The William Lowell Putnam Competition is an annual mathematics competition for regularly enrolled undergraduates in colleges or universities of the United States and Canada, who have not yet received a college degree. Prizes are awarded to individual participants and institutions.
The Putnam examination tests originality, technical competence and familiarity with the formal theories embodied in undergraduate mathematics. Questions cut across the bounds of various disciplines, and include self-contained questions that do not fit into any of the usual categories. These self-contained questions can involve elementary concepts from group theory, set theory, graph theory, lattice theory, number theory or cardinal arithmetic.
In Fall 2019, the competition will take place on Saturday, December 7th in TBD .
The UCLA Mathematics Department coordinates the UCLA Putnam team and runs activities such as
- A "Problem solving" course (Math 100) is offered each fall. This is an excellent preparation for the Putnam competition. In Fall 2019 the course is taught by Professor Sarkar and meets MWF 10:00-10:50 in MS 6221.
- An introductory preparation session, open to all students (whether or not enrolled in Math 100), will take place on Friday, September 27, 4:00-5:20pm in Franz 1260. Also, we will have a practice exam on Monday, September 30, 4:00-6:50pm in Franz 2258A.
- The top scorers on the practice test are invited to be part of the extended UCLA Putnam team, which receives intensive weekly preparation in the Advanced Problem Solving Seminar (Math 101, Mondays 4:00-6:50pm).
- Year round consulting for students who want to learn more about the Putnam competition, for example study old exam questions. Professor Sucharit Sarkar, email@example.com, is available to help.
- Free pizza for lunch on the day of the competition.
Participation: All enrolled UCLA undergraduate students which do not have a college degree may participate in the Putnam exam. There is a four time limit for any participant. Three team members are designated every year prior to the competition, and their score will contribute to the UCLA team score. In addition, they and all the other participants compete for individual scores. The top performing UCLA student (whether a team member or not) will receive the Basil Gordon Prize, valued at $1000.
Reasons to participate: Students taking part in and preparing for the competition learn a lot about general mathematical skills such as solving problems and proving statements. Graduate schools and other employers can be impressed by high Putnam scores.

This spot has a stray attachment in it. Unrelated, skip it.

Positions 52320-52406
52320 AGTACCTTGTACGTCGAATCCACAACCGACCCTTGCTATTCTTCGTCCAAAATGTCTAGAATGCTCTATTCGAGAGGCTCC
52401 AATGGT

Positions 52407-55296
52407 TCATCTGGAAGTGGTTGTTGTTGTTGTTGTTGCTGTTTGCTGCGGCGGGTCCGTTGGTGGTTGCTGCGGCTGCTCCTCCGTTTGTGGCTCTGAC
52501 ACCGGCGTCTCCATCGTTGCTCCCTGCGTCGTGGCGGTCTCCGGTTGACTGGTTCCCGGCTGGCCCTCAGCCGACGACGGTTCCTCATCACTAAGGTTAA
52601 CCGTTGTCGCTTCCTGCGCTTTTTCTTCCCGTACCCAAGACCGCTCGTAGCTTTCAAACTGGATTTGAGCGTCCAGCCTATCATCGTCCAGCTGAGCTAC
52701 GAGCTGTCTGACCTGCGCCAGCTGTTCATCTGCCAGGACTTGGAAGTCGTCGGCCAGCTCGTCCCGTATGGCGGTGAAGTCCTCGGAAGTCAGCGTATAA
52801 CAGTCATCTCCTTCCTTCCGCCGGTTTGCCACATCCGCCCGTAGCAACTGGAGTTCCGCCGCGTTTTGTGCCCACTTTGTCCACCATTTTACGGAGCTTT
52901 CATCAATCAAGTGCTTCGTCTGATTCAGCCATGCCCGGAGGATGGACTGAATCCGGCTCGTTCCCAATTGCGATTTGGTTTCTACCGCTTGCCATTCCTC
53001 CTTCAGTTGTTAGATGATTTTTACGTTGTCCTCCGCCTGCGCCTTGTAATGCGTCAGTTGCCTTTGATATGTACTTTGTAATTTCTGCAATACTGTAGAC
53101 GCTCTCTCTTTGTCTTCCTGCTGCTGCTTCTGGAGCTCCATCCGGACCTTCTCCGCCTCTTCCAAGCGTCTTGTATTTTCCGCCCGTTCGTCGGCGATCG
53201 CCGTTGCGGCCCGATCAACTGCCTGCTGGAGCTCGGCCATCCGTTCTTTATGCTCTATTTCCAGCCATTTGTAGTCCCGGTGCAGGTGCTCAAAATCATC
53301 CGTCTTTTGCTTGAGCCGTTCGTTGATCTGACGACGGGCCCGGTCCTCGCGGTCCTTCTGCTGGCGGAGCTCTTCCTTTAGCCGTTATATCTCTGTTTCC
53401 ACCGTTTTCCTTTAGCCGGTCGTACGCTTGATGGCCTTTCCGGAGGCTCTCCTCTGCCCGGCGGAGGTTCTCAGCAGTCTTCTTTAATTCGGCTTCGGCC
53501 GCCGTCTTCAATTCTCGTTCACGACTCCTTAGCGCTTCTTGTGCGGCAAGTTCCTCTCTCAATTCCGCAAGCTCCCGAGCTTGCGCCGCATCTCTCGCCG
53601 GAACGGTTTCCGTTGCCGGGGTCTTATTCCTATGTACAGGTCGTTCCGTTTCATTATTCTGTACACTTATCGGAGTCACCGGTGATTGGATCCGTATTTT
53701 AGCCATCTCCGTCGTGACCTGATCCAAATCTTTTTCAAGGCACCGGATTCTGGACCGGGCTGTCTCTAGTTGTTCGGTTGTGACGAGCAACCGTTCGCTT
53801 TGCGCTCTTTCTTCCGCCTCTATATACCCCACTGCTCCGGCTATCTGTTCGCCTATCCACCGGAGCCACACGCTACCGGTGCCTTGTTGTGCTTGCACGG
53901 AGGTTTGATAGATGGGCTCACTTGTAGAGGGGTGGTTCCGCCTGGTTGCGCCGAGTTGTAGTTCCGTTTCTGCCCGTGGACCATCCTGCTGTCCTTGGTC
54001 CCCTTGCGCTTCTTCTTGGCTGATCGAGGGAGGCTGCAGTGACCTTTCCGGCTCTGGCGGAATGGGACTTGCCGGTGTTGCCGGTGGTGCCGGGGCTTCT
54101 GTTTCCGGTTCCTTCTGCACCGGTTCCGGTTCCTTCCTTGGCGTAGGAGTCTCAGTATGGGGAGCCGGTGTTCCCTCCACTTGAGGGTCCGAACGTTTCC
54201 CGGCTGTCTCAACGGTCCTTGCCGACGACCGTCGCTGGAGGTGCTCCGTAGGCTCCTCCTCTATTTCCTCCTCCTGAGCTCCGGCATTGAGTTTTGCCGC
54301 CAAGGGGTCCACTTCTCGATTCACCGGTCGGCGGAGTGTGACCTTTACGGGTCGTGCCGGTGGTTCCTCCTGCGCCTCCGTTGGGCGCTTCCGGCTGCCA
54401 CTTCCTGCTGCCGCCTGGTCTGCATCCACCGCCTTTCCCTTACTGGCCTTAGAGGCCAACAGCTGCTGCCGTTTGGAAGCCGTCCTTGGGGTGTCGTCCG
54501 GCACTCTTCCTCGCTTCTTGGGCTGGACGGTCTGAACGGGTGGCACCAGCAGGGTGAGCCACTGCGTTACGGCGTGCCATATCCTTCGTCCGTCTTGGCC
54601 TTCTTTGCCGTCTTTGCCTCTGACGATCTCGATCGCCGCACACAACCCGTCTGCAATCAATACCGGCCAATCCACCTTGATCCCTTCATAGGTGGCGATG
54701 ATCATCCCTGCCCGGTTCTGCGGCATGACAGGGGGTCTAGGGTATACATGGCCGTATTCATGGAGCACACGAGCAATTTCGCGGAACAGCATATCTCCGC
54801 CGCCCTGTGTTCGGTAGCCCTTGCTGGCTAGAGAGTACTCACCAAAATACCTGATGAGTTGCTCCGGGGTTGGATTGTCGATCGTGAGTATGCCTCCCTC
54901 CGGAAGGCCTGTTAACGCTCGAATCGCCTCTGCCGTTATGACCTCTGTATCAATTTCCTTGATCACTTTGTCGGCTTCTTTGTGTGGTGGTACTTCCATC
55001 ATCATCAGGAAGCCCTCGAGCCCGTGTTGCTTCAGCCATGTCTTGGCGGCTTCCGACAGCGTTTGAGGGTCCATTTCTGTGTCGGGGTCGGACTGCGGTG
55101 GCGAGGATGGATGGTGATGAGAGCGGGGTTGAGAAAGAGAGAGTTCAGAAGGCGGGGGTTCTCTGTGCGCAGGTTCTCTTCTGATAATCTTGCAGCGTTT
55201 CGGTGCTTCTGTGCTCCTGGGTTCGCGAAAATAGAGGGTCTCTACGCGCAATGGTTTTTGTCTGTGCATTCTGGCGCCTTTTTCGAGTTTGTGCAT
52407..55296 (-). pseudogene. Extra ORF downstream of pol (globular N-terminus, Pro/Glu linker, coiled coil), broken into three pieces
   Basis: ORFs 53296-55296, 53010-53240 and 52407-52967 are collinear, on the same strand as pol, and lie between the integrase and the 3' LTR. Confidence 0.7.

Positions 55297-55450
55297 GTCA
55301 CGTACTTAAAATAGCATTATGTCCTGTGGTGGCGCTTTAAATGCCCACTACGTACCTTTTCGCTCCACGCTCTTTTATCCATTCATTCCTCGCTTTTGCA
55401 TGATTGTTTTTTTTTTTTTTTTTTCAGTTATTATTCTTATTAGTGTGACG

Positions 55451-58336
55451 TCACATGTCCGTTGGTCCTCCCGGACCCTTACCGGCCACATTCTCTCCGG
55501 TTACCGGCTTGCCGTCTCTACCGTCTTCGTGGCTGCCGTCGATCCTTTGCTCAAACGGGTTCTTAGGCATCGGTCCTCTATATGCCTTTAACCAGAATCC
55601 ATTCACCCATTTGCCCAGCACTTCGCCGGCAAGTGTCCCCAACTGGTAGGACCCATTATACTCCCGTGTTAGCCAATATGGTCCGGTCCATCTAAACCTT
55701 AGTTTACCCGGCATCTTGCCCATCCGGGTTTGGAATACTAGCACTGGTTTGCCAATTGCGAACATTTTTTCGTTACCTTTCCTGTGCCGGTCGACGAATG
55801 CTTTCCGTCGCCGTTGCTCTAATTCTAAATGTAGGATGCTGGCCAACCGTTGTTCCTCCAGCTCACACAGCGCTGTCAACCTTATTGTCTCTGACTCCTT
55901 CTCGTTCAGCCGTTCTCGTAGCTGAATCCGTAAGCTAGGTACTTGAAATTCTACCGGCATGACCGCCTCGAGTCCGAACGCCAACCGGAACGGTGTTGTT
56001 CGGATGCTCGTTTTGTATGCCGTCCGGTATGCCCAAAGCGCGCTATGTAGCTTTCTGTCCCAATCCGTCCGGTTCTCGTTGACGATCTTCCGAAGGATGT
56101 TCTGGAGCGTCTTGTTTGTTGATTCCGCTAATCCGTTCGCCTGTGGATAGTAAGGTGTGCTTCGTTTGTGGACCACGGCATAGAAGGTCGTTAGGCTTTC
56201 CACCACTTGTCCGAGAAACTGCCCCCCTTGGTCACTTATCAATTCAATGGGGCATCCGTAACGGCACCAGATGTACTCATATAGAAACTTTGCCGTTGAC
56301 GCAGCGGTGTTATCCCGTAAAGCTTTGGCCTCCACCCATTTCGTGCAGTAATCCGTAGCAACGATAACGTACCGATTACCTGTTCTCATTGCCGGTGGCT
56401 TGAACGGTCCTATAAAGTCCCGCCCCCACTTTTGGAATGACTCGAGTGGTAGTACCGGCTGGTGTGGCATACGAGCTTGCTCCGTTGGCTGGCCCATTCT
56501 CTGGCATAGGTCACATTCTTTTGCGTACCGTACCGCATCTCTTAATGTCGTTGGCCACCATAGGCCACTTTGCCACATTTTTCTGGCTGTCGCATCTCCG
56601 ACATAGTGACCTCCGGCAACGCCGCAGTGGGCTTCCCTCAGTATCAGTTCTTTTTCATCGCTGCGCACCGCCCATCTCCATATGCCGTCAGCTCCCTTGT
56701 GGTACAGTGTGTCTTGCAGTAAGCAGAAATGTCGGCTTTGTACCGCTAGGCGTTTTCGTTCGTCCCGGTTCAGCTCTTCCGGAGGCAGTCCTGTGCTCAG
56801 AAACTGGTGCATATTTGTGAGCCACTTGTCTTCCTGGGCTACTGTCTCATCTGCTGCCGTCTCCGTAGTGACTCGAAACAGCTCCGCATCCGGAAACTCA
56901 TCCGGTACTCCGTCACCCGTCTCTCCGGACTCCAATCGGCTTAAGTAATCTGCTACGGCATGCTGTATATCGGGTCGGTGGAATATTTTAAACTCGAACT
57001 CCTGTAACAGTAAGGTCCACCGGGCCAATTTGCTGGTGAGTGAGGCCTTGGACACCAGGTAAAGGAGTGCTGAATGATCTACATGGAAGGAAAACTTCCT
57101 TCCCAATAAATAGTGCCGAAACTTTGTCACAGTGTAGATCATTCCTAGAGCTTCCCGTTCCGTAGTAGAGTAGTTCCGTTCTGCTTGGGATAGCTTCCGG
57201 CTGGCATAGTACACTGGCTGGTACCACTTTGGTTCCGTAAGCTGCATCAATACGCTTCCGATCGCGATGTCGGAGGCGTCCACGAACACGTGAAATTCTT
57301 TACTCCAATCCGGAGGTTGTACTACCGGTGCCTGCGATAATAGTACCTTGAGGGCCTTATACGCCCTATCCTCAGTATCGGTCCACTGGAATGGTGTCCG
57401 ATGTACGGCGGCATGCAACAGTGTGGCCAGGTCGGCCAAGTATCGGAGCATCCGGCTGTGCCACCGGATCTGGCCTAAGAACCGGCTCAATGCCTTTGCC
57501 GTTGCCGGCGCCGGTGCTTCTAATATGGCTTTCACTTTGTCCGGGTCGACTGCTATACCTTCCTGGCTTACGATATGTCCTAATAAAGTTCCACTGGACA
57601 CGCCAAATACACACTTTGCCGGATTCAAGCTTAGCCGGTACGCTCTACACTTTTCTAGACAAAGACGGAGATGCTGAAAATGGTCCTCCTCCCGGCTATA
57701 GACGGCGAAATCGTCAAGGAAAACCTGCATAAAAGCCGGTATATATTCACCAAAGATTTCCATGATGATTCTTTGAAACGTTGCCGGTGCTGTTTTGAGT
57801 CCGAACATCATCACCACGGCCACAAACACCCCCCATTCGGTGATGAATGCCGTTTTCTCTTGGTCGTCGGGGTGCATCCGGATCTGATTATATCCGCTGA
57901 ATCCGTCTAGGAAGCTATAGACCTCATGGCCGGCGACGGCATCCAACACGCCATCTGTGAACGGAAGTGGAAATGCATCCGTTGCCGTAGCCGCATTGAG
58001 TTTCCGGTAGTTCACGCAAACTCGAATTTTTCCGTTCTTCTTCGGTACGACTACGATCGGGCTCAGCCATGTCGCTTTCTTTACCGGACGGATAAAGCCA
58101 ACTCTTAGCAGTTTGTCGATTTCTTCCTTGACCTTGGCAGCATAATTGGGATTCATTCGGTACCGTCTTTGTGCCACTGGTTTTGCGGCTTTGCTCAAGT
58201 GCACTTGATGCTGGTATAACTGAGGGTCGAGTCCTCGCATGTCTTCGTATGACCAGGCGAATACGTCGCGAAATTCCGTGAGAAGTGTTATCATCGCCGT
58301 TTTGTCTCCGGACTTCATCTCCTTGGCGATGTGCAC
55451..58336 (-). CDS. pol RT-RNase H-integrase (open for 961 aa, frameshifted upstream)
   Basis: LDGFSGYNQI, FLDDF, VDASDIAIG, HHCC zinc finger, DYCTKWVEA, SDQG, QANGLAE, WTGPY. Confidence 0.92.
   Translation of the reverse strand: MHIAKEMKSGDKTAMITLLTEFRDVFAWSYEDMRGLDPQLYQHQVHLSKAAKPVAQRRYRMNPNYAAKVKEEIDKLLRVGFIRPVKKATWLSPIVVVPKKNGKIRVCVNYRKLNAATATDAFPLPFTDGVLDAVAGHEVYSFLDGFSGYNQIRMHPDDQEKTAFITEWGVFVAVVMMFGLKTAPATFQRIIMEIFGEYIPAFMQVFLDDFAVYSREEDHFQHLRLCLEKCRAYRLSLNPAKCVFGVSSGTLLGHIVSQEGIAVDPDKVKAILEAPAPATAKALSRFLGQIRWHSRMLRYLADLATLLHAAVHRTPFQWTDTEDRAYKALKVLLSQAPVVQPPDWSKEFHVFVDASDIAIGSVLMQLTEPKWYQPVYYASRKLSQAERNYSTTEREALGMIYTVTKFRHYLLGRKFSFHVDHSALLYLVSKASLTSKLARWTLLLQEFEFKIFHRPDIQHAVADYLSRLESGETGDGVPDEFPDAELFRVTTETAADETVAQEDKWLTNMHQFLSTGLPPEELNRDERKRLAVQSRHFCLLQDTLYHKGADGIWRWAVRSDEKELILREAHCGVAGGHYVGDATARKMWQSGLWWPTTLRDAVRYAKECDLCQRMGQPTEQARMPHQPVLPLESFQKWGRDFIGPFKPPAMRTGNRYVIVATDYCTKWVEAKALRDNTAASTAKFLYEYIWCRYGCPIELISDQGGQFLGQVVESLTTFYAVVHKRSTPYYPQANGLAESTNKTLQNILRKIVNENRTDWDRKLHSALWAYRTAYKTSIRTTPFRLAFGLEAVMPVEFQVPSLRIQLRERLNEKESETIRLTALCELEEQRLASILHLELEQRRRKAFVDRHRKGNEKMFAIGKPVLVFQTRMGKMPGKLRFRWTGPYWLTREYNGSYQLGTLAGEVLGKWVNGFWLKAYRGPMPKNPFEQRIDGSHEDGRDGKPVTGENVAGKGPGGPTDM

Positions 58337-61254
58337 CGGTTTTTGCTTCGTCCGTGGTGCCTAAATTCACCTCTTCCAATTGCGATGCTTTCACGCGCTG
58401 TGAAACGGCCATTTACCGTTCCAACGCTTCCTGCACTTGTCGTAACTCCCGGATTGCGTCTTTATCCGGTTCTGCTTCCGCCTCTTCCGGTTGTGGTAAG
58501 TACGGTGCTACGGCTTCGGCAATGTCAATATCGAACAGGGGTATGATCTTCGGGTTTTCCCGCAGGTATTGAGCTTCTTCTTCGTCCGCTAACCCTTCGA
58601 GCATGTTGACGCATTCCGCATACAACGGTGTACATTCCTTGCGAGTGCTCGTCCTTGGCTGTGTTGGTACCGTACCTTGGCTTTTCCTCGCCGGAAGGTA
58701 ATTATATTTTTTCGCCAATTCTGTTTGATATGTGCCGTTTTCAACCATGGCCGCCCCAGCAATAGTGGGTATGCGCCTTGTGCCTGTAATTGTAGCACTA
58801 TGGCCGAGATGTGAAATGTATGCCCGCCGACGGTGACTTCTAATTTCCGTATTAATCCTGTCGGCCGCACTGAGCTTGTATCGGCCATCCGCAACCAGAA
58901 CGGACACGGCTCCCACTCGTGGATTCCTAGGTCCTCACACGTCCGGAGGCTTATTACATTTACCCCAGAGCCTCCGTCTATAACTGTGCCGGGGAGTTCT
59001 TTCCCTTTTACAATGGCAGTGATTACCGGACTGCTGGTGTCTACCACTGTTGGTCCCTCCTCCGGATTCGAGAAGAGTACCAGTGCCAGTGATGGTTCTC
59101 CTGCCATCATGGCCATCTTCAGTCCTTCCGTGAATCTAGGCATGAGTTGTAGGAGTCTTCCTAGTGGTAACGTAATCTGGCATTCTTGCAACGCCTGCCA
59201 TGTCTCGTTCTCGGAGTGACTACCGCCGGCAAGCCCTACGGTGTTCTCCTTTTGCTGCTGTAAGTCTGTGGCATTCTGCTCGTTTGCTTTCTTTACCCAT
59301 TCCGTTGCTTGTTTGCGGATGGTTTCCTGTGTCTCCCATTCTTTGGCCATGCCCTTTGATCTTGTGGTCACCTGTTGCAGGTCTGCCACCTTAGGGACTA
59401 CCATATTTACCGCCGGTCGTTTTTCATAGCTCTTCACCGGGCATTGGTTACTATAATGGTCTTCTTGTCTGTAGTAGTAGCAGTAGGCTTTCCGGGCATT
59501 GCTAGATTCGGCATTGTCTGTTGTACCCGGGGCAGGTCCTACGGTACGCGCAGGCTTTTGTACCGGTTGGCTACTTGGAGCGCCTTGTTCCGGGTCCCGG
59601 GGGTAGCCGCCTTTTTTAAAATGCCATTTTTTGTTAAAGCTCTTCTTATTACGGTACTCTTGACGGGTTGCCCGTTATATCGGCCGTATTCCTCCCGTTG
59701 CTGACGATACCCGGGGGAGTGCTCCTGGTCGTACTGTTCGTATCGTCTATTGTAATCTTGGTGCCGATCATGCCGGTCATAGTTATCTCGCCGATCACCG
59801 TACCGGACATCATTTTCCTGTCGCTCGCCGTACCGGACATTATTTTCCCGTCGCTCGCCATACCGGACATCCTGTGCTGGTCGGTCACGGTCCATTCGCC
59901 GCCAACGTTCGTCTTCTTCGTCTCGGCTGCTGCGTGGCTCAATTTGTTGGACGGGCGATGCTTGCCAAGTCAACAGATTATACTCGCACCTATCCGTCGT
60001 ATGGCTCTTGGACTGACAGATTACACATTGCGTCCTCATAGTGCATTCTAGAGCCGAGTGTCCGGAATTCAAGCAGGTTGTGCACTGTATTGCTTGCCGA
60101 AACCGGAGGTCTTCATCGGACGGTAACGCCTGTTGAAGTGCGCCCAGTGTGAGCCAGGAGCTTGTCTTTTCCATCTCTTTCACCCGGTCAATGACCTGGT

Preparation: Check here for more resources and information about how to prepare for the exam.
Time and Location: The Putnam examination takes place every year on the first Saturday of December. There are two sessions, a morning session from 8 am to 11 am and an afternoon session from 1 pm to 4 pm. There are 6 problems in the morning session and 6 problems in the afternoon session. Each contestant works independently with no collaboration. Results of the competition become known around March of the following year.
Registration: Participants should register prior to the competition: this year the registration deadline is Saturday, October 5, 2019. However, most years there are spots available for late registration because some registered students drop out.
Past results: In 2018, the UCLA team (Ciprian-Mircea Bonciocat, Xiaoyu Huang, Konstantin Miagkov) was ranked #3 out of 568 institutions.
A total of 4,623 students from colleges and universities in the U.S. and Canada participated in the competition. Among them were 42 UCLA students. Four of them were in the top 100 overall and received Prizes or Honorable Mentions: Xiaoyu Huang (83 points, ranked #18), Kaiqi Zhu (81 points, ranked #20), Konstantin Miagkov (70 points, ranked #42) and Osman Akar (60 points, ranked #77). Eight other UCLA students were ranked in the top 500: Ciprian-Mircea Bonciocat (55 points), Justin Li (50 points), Minghao Pan (44 points), Jacob Zhang (41 points), Alexandru Pascadi (37 points), Ken Willyard (33 points), Bryan Hu (31 points), and Yan Tao (28 points).
The Basil Gordon Prize, for the top scorer among UCLA students, was awarded to Xiaoyu Huang.
Other recent results:
- 2017, Team Rank: 5; Basil Gordon Prize: Emre Girgin (61 points, ranked #34),;
- 2016, Team Rank: 7; Basil Gordon Prize: Xiaoyu Huang (87 points, ranked #13);
- 2015: Team rank: 6; Basil Gordon Prize: Dillon Zhi (49 points, ranked #68);
- 2014: Team rank: 10; Basil Gordon Prize: Tudor Padurariu (63 points, ranked #30);
- 2013: Team rank: 12; Basil Gordon Prize: Peihao Sun (40 points, ranked #136)
- 2012: Team rank: 3 (best result in UCLA's history); Basil Gordon Prize: Tudor Padurariu (66 points, ranked #11);
- 2011: Team rank: 12; Basil Gordon Prize: Tudor Padurariu (43 points, ranked #40);
- 2010: Team rank: 32; Basil Gordon Prize: Francisc Bozgan (56 points, ranked #128);
- 2009: Team rank: 58; Basil Gordon Prize: Junchao Zhang (37.2 points).